It’s as simple as supply and demand.

Between more and more people being vaccinated, combined with pent-up demand for travel, the number of travelers is increasing.


As is the result, so are airfares and hotel rates.

Slowly, but definitely surely, the cost of travel is inching back up, to the point where CNBC noted that travelers shouldn’t expect those $30 airfares much longer.

For the most part, the rate of positive COVID-19 tests are dropping and President Joe Biden achieved his goal of 100 vaccinations in 100 days with 42 days to spare, creating a sense of confidence that travel can resume more robustly.

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CNBC noted that travel-search site Kayak said searches for summer travel have been up 27 percent for several weeks and that airfares for the top 100 most-searched U.S. destinations are up 7 percent month-over-month.

“Domestic airfares are rising. While discounts can still be found, they’re no longer falling into consumers’ laps,” said Jamie Baker, JP Morgan airline analyst. “Discounted fares increasingly require a hunt, and for many consumers that have been locked up for a year, they’re probably not up to the effort.”

Travel advisors predicted that pent-up demand would lead to a rise in prices. The cheapest domestic leisure airfares, which include those promotional fares that airlines send to your inbox, were $59.48 as of March 15, still 26 percent lower than a similar week in 2019. That should be erased fairly quickly, however, as fares rose six percent in the last week. If it continues at that rate, the promotional fares will be back to 2019 levels.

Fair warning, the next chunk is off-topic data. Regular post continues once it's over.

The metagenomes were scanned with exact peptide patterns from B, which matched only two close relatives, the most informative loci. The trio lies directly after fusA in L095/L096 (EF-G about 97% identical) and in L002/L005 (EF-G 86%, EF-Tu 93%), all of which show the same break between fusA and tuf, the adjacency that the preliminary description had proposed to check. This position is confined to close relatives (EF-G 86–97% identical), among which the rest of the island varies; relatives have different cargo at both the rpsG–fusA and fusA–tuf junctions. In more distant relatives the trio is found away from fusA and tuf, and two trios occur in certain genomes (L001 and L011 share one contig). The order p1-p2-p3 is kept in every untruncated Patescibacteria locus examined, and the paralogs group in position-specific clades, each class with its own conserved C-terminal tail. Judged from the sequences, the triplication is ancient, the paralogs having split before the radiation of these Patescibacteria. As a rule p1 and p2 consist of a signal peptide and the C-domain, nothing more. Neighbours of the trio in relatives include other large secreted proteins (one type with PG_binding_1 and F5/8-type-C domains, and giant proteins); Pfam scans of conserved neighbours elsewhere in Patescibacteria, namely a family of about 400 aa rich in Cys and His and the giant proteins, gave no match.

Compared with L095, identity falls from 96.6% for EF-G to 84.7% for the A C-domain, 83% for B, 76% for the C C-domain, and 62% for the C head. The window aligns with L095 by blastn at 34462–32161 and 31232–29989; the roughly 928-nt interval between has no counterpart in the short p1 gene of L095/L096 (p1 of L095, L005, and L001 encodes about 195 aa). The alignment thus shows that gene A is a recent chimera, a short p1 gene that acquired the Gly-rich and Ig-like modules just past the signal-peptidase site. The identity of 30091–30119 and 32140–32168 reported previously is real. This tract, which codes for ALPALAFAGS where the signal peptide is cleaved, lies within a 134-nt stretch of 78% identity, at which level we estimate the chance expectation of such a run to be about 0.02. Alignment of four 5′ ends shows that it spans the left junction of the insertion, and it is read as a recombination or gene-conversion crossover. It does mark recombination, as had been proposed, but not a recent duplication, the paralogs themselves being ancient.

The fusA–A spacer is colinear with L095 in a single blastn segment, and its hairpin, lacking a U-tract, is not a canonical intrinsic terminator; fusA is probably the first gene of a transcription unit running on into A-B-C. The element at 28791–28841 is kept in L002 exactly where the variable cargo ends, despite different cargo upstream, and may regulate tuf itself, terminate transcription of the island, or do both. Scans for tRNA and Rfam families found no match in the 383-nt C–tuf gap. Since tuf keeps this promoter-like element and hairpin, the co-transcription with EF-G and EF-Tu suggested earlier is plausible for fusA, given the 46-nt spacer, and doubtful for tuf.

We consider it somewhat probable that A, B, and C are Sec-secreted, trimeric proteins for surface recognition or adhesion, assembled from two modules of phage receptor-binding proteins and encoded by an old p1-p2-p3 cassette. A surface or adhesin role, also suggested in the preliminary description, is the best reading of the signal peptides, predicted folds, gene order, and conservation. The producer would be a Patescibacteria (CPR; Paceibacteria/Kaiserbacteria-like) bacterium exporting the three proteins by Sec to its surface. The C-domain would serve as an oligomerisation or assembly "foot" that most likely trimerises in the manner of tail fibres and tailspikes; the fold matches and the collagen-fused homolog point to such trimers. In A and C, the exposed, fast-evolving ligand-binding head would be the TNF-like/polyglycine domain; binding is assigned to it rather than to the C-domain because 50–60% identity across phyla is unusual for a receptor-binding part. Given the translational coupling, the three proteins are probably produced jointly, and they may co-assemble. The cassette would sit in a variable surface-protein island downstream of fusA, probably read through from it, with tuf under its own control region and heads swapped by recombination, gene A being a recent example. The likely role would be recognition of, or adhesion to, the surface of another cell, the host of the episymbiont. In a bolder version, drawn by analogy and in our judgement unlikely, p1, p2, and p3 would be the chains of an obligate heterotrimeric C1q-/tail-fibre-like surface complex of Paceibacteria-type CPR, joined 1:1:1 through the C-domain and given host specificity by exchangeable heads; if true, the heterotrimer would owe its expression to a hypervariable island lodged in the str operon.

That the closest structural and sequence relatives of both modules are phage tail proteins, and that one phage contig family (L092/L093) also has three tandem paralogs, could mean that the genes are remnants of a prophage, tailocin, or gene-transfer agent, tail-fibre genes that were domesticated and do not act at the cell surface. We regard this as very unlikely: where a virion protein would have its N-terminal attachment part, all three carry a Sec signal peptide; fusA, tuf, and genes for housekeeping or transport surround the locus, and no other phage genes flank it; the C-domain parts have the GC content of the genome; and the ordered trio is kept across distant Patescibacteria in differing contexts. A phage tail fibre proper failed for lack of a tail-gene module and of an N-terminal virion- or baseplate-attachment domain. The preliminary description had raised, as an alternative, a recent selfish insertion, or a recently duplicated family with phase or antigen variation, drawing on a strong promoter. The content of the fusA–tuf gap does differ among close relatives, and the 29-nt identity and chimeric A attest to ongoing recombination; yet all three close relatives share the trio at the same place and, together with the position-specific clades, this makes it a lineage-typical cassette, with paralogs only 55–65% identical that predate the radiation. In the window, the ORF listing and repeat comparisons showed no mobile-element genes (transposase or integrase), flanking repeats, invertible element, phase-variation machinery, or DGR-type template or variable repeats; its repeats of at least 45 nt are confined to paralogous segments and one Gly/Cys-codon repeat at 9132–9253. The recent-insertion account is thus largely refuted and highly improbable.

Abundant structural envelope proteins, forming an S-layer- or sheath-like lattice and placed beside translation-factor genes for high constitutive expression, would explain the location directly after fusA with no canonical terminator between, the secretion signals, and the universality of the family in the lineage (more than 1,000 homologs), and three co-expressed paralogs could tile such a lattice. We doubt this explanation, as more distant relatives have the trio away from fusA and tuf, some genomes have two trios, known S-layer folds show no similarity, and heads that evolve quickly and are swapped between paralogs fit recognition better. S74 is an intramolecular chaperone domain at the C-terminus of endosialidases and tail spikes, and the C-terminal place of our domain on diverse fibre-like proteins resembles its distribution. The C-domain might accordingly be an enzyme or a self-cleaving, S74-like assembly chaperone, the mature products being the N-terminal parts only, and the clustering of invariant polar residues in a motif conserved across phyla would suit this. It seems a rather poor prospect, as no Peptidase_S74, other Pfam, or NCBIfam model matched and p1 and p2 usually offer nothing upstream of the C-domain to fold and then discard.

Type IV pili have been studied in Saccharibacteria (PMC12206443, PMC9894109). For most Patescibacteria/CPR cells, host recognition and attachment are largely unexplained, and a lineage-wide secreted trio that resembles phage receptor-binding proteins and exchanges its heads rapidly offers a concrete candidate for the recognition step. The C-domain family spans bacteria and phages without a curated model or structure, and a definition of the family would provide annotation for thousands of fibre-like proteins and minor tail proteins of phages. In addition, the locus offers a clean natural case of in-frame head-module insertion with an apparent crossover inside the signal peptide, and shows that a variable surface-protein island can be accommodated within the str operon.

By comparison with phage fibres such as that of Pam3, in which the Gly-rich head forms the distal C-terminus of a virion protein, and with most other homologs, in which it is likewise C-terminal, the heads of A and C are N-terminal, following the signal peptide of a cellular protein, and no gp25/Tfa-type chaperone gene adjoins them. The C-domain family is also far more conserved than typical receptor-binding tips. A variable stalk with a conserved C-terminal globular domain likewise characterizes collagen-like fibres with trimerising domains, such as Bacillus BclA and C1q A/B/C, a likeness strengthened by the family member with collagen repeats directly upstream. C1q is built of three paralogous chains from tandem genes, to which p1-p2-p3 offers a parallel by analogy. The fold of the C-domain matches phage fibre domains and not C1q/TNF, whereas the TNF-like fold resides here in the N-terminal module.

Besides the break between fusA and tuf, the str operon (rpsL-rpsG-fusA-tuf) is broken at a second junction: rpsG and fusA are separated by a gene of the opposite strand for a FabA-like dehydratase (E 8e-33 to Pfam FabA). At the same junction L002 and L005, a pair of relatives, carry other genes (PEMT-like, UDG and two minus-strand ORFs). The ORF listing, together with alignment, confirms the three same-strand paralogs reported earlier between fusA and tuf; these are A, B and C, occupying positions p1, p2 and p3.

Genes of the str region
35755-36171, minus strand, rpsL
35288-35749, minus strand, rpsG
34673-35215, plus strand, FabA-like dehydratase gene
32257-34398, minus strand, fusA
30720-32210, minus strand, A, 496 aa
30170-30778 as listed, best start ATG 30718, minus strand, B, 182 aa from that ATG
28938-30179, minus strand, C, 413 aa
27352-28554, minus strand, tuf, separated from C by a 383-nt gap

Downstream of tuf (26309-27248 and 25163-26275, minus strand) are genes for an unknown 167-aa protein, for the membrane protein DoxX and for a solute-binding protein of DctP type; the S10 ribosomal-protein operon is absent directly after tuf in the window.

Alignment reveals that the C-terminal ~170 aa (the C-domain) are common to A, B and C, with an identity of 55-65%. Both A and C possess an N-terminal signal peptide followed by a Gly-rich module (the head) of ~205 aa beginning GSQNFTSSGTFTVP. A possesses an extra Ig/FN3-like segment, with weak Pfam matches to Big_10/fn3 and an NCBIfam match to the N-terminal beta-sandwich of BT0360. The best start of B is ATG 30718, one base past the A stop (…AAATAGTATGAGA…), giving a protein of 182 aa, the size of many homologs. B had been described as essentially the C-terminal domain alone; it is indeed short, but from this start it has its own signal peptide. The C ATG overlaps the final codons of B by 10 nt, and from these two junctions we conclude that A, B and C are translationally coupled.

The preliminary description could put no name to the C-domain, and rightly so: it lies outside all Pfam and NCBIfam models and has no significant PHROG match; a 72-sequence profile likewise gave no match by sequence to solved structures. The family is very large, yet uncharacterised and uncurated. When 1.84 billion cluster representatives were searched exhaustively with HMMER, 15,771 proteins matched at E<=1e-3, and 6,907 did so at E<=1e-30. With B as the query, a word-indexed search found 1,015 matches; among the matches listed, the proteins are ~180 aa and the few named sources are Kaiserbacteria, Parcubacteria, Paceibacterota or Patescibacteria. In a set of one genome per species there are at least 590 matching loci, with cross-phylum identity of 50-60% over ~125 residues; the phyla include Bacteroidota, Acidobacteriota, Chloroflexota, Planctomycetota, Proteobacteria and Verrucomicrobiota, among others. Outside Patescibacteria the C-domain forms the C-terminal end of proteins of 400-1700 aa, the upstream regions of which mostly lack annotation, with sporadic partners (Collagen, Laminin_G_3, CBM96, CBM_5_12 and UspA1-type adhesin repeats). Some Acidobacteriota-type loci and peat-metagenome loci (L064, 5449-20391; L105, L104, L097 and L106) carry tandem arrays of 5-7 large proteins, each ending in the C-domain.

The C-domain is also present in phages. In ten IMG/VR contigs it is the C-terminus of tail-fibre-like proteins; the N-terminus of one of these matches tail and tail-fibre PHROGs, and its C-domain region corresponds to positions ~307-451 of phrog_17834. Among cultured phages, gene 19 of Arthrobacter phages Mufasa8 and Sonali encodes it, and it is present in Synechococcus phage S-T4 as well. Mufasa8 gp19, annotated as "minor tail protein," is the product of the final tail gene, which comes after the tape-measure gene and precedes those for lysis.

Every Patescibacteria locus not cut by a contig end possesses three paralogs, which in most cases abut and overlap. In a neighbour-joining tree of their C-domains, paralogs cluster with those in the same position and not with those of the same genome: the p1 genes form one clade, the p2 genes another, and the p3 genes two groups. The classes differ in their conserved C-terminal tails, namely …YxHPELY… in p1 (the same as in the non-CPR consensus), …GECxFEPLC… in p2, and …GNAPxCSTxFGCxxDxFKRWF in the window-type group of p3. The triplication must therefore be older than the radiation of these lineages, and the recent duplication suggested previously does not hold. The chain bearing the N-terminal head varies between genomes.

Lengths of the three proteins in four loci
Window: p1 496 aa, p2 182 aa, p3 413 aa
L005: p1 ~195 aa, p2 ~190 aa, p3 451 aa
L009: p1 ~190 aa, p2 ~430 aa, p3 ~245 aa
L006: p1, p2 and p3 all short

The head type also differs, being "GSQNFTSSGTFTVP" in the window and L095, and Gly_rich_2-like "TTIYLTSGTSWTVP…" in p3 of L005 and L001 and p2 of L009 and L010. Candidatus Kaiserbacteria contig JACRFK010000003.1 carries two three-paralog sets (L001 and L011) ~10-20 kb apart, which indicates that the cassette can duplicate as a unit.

Airline executives on Monday said bookings were picking up in March and stretching to the summer, but that U.S. carriers are on track to lose on average of $150 million a day this quarter, according to Airlines for America. But, again, if the uptick continues both United Airlines and Delta Air Lines said the increases will finally staunch their cash burn this spring.

“As long as there is not a setback we are on the road to recovery and we can put those days of talking about cash burn, layoffs and things like that largely in the rearview mirror,” CEO Scott Kirby told CNBC’s “Squawk Box” on Tuesday.

Hotel occupancy in the U.S. this month through March 13 is averaging more than 51 percent, the highest in more than a year, according to hotel data analysis firm STR. In hot vacation spots like Miami, occupancy is nearly 70 percent with average rates of $228 a night, the highest prices since February 2020.

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